District Judge Dean set to step down from the bench
Judge served for 16 years on the bench
- Dean was a Domestic Violence Hearing Officer for the Eleventh Judicial District Court for six years.
- During his 16 years, he served as Chief District Judge for six years and was a member of the New Mexico Judicial Standards Commission.
- To handle Dean's vacancy, District Judge Daylene Marsh will relocate to the Aztec District Court building to help Townsend handle felony cases..
FARMINGTON — District Judge John Dean Jr. is stepping down from the bench after serving for 16 years. Members of the local law community said his expertise and experience will be missed.
Dean told The Daily Times he is not retiring but resigning and referenced a quote from Ernest Hemingway, stating retirement is the ugliest word in the English language.
"I appreciate the opportunity to serve as a judge and serve the community" Dean said.
Dean briefly practiced law in Albuquerque before returning to Farmington and practiced law with fellow attorney Scott Curtis for 22 years, according to a biography provided by the Eleventh Judicial District Court.
He was also elected to the San Juan County Commission in 1992 and has served as president of organizations including the Northwest New Mexico Council of Governments and the New Mexico Association of Counties.
Dean was a Domestic Violence Hearing Officer for the Eleventh Judicial District Court for six years before taking the bench in February 2003. He has primarily held a criminal case docket.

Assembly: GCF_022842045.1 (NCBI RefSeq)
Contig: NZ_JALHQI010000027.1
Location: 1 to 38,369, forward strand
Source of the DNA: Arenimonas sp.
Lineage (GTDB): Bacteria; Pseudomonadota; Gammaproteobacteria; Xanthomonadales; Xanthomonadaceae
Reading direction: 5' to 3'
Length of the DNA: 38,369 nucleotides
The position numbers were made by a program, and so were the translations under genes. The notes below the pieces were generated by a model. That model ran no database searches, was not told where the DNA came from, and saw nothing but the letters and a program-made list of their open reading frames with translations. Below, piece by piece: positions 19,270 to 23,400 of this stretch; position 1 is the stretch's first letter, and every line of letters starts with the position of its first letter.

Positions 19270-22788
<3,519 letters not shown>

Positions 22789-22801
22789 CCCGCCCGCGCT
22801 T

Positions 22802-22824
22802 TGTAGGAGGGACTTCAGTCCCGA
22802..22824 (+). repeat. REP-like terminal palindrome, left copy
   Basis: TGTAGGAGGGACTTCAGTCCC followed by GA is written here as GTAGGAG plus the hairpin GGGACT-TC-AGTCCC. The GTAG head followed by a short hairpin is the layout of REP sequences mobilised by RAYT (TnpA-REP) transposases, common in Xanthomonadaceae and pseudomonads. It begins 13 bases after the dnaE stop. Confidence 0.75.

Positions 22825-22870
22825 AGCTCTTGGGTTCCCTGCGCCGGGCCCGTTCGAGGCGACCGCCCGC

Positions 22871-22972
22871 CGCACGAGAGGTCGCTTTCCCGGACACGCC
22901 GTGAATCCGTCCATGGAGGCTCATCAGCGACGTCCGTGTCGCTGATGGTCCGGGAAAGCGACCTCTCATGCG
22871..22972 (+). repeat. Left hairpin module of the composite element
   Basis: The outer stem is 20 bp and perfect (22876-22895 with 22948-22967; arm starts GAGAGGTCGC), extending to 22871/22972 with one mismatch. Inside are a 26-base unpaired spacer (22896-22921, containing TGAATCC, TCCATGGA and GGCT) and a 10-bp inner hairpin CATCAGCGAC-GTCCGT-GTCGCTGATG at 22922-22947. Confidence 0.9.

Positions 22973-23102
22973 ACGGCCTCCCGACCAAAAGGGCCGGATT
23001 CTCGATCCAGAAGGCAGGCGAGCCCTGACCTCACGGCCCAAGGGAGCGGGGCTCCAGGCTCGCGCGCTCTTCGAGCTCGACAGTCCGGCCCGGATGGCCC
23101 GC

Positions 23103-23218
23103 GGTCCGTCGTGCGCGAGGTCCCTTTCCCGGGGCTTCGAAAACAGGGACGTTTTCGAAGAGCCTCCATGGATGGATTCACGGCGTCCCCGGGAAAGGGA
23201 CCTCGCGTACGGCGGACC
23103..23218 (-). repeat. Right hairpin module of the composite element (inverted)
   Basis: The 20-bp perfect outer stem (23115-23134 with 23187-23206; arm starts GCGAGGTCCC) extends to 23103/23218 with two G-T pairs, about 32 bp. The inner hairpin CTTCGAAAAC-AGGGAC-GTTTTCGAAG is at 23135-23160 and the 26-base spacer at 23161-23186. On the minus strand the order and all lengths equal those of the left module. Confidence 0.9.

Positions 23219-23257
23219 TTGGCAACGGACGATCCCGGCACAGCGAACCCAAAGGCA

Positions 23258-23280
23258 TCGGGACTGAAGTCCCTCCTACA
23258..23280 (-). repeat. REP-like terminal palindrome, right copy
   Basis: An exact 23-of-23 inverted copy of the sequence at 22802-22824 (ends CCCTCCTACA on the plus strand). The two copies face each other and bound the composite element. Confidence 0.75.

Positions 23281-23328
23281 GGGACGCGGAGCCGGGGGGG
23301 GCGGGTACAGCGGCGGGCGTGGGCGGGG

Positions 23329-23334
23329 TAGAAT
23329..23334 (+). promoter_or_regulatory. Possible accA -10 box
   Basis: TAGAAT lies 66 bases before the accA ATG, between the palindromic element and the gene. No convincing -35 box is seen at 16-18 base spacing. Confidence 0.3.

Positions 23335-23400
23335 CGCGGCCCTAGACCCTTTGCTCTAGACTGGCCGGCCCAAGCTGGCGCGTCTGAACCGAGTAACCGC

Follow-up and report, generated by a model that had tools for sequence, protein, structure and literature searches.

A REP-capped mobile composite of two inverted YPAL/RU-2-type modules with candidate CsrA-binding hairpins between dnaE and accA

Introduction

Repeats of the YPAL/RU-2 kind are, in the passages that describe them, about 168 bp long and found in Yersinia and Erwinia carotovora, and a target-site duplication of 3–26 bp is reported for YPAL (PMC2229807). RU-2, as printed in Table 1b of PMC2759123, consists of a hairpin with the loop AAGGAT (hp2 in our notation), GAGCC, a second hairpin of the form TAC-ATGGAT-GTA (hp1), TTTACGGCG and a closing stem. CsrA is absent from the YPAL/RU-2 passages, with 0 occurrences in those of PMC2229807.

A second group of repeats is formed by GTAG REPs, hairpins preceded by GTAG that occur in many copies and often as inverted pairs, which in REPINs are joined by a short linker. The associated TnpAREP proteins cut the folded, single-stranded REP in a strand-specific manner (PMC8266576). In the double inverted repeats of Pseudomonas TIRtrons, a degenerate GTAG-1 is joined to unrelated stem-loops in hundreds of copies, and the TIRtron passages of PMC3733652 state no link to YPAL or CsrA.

Curtis said Dean decided to become a judge to give back to his community after practicing law for about 25 to 26 years.
"We were lucky he did, he was a good judge," Curtis said.
For Dean, he saw being a judge as an extension of his legal career.
During his 16 years, he served as Chief District Judge for six years and was a member of the New Mexico Judicial Standards Commission from 2015 to this month.
"Judge Dean was one of those people who was not afraid to make the tough calls," Chief District Judge Karen Townsend told The Daily Times. "That's usually the hardest job, to stay true to what is right and what is fair."
Townsend described Dean as a great mentor and friend who the courts are going to miss.
She highlighted his work to form the annual, juried Art Show to host artwork by local artists in the Aztec and Farmington district court houses.
San Juan County Commission Chairman and local attorney Jack Fortner said he liked Dean's demeanor and decisions on the bench, adding Dean was a judge who listened and was fair.
"When he rules against you, you know he was always fair," Fortner said.
Dean has selected Feb. 19 as the last day to keep his license to practice law, 100 years after his grandfather became a lawyer on Feb. 19, 1919.
For the future, Dean plans on volunteering around the area, including at the Sherman Dugan Museum of Geology housed in the School of Energy building at San Juan College.
He still serves on the board for the San Juan County Partnership.
To handle Dean's vacancy, District Judge Daylene Marsh will relocate to the Aztec District Court building to help Townsend handle felony cases.
District Judge Bradford Dalley will move to the Farmington District Court building.
The Eleventh Judicial District Judicial Nominating Commission is expected to meet in the future and interview applicants to fill Dean's vacancy.
Joshua Kellogg covers crime, courts and social issues for The Daily Times. He can be reached at 505-564-4627 or via email at firstname.lastname@example.org.